The shortage of water in the Indus has also severely affected crops in the country, depriving it of crop revenues, particularly in cotton. Pakistan is on the verge of losing 31 Million Acres Feet (MAF) of water by 2025, further endangering an economy that counts agriculture as 26 percent of its gross domestic product (GDP). Climate change has also made things worse for Pakistan, with inconsistent rainfall increasing the dependence on the Indus River. In the summer of 2018, the country experienced a 28-percent decrease in rainfall, and the generation of hydropower has also been affected as only half of the country’s hydropower generation is utilized. As such, with current trends, Pakistan’s future is seemingly in peril. It is forecasted that by 2050, Pakistan will be the world’s sixth most populous country, with 271 million people; however, the amount of water available per person will decrease by 60 percent at that point. That means that the country will be faced with a growing population whose most elemental need for water will be hard to meet.

For those Pakistanis whose physical well-being and health are not endangered by water scarcity, there will be those indirectly affected as water scarcity will affect the economic well-being of the country by destroying industry sectors like agriculture. Water shortage severely affected Pakistan’s agricultural segment in the summer of 2018. Namely, this water shortage endangered the government’s annual production targets for mung, mash, chilies, cotton, rice, maize, and tomatoes.  Beyond the obvious implications of the water shortage damaging very important farming revenues, there are also long-term risks for food security. This brings the danger of social upheaval as the prospect of civil unrest becomes more likely. In April 2018, labor representatives of cutting, stitching and export industries threatened to strike over the government’s inability to resolve the issue of water shortages and electricity supply.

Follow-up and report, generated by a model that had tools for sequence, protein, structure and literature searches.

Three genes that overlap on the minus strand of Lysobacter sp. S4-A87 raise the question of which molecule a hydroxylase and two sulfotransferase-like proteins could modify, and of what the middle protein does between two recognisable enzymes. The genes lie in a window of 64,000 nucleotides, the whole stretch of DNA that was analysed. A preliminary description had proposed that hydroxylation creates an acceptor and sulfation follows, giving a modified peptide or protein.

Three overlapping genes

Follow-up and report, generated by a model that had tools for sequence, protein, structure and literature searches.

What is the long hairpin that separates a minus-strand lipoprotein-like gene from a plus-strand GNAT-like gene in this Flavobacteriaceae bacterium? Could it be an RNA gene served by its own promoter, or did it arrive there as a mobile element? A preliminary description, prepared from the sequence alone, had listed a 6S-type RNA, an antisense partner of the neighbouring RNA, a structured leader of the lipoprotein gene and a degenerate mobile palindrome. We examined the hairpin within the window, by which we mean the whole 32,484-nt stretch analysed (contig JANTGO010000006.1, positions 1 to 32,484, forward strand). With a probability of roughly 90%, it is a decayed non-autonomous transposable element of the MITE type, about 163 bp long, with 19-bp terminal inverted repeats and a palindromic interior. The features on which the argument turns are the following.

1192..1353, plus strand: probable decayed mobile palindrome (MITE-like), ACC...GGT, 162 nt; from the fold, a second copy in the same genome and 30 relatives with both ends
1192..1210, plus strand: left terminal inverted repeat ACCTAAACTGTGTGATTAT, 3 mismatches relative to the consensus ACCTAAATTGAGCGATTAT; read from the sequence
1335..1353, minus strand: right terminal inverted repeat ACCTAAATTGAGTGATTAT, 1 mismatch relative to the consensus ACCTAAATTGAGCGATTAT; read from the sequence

Moreover, Pakistani’s internal problem of tribal divisions, Jihadi groups, and militias becomes even more dangerous, as these groups could become embroiled in conflict for control over water resources. The Baluchistan region in Pakistan is particularly at risk, as 62 percent of the region has no access to safe drinking water and more than 58 percent of the land is uncultivatable due to water scarcity.  Since 1948, Baluchistan has been an incessant source of insurgency organized by various local tribes against the Pakistani state. If Pakistan is unable to guarantee the provision of water, insurgency is highly likely to intensify in this region. Of further note, it is located in a critical place, intended to act as the location for Chinese infrastructure projects as part of the Belt and Road Initiative. Indeed, in January 2019, the Baloch Liberation Army, an insurgent group, threatened to target Chinese infrastructural projects in Baluchistan.

In a similar vein, the Pakistani conflict with India could similarly become a greater threat, as both countries are worried about their future access to drinking water. The Indus Water Treaty, signed by India and Pakistan in 1960, has been successful in preventing rivalry between the two over water supplies. However, in recent years, even India has become aware of its ability to threaten and leverage Pakistan with the fact that it controls the Indus River flows. Furthermore, Narenda Modi’s government in India has been engaged in heightened tensions regarding this issue with Pakistan. In September 2016, Modi stated that “blood and water cannot flow at the same time,” while in March 2018, he openly threatened to cut off water supply to Pakistan. If India decides to leverage Pakistan using water supply, or if Pakistan perceives India’s actions as threatening to its water security needs, the rivalry between the two risks becoming more dangerous and destructive.

Pakistan has historically been a global geopolitical flashpoint, as a nuclear-armed country surrounded by countries like Afghanistan, Iran, China, and India. The consequences that Pakistan potentially faces over its impending water shortage will thus have wider ramifications, reverberating far beyond its own borders.